The Last Tisha b’Av: A Tale of New Temples, by Rabbi Arthur Ocean Waskow and Rabbi Phyllis Ocean Berman (2006)

Long ago there came a Ḥassid, visiting from Vitebsk to see his Rebbe. Struggling up hills, over cobblestones, through narrow alleyways, the Ḥassid came panting, shaking, to the door of a pale and quiet synagogue. So pale, so quiet was this shul that the pastel paintings on the wall and ceiling stood out as though they were in vivid primary colors. As the Ḥassid came into the shul, he saw his Rebbe high on a make-shift ladder, painting a picture on the ceiling above the bimah. . . .

עלת תמיד | Olath Tamid: Book of Prayers for Israelitish Congregations, by David Einhorn (1st English ed. 1872)

Rabbi David Einhorn’s (1809-1878) prayer book `Olat Tamid (lit. the perpetual sacrifice)…first penned in Germany, served as the model for the Union Prayer Book,….the prayer book of the American Reform movement for almost eight decades. It reflected what is now called “classical Reform,” eliminating prayers for the restoration of Zion, mentions of the messiah, and bodily resurrection of the dead, while diminishing mentions of Jewish chosenness and the like. . . .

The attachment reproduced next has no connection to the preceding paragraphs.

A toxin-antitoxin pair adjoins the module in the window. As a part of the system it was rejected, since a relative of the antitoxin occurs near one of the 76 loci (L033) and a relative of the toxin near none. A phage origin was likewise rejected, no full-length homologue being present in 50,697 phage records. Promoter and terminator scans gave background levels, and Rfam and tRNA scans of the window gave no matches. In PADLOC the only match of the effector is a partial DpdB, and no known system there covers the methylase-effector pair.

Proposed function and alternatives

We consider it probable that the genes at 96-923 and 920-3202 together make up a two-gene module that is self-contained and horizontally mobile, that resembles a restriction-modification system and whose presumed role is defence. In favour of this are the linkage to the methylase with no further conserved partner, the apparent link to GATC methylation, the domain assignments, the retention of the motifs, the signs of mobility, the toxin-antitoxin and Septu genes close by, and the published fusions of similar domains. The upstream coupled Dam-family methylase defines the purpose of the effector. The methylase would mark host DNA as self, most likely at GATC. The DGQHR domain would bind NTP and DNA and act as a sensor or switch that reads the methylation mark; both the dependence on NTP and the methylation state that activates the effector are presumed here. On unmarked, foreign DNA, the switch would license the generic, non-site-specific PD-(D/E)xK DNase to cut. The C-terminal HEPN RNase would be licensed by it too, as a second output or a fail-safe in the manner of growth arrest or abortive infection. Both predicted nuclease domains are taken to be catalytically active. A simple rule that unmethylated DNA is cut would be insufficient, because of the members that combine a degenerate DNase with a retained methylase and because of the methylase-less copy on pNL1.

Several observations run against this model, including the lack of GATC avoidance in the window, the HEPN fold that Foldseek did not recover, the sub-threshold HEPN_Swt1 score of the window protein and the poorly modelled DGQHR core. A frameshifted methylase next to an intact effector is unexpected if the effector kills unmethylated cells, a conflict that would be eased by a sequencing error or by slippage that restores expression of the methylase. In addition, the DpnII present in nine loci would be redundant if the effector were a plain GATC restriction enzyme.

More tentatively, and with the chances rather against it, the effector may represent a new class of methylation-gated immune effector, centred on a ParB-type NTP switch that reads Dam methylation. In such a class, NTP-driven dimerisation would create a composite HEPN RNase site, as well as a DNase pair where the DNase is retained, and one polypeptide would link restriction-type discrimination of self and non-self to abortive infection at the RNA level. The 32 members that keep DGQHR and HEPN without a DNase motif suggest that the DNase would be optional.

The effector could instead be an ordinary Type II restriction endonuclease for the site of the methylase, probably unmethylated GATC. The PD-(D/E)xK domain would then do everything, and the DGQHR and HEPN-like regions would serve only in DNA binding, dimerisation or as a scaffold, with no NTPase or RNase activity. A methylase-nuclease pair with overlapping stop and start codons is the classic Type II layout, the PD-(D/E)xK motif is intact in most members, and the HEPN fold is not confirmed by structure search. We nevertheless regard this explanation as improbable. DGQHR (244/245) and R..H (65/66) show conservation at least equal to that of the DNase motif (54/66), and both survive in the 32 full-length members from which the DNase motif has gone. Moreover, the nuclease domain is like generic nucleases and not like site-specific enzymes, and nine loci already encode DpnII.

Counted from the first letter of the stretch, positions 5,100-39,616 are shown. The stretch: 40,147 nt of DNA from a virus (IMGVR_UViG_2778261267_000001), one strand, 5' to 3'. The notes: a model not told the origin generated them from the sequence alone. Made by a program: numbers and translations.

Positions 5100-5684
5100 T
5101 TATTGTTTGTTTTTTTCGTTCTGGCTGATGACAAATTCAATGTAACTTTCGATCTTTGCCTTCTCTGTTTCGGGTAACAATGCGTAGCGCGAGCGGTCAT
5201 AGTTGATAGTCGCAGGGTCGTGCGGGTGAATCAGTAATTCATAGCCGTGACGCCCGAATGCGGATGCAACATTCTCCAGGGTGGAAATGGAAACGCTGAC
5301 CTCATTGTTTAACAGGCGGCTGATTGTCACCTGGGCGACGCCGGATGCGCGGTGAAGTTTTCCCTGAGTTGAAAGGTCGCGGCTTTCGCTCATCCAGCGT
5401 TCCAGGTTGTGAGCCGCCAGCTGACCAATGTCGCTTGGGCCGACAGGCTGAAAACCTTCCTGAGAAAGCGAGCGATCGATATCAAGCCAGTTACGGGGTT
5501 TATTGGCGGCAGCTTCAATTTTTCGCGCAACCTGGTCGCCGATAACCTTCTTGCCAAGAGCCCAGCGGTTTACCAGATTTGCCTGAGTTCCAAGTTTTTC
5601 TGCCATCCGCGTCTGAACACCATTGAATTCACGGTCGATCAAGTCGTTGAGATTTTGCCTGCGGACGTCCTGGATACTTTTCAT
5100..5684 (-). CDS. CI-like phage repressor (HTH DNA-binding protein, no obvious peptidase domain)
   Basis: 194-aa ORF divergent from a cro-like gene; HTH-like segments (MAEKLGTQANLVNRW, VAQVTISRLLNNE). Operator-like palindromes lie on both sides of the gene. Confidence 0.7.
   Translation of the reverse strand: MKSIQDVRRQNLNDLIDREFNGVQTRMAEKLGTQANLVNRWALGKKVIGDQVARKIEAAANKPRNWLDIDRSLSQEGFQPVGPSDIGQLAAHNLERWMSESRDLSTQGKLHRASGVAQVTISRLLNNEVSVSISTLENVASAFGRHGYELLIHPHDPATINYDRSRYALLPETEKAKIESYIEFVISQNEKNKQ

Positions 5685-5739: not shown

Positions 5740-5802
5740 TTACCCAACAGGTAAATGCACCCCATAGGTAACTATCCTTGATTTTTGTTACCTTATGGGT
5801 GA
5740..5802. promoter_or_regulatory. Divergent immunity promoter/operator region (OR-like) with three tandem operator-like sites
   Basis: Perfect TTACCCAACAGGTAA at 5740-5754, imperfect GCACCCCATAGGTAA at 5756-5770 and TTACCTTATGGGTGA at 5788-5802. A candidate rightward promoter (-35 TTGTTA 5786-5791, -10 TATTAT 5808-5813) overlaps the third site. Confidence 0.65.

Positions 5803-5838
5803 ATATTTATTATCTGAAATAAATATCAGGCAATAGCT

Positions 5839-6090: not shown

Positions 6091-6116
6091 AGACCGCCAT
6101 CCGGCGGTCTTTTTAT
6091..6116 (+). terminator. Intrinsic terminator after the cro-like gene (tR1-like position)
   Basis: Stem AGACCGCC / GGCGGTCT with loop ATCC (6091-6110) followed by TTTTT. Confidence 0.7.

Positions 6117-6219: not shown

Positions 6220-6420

מִי שֶׁבֵּרַךְ | A Hadran Mi sheBerakh Upon Completing the Writing of a Sefer Torah, by Rabbi Menachem Creditor

Misheberach Avoteinu Avraham Yiztchak veYa’akov, ve’Imoteinu Sarah Rivkah, Rachel, veLeah – May the One who blessed our ancestors Abraham, Isaac, and Jacob, Sarah, Rebecca, Rachel, and Leah, bless this scribe who has, through the commitment of her heart, devotion of her soul, and skill of her hands, invited us to return to Torah, turn with Torah, and turn Torah over and over again. Please, God, sweeten the words of Torah in our mouths and in the mouths of all people. May we all, old and young, touch the Sacred and be preserved and strengthened. We thank You, Adonai, for the privilege of experiencing the overflowing well of Torah, and for the sweetness of those who give it life. May this Soferet, our friend and teacher, be blessed to do her work in this world experiencing abundant safety, security, and love. May she only know the grace she bestows on her People Israel, her community who needs her gift so very deeply. May we all learn and love Torah, even more than we already did. Amen. . . .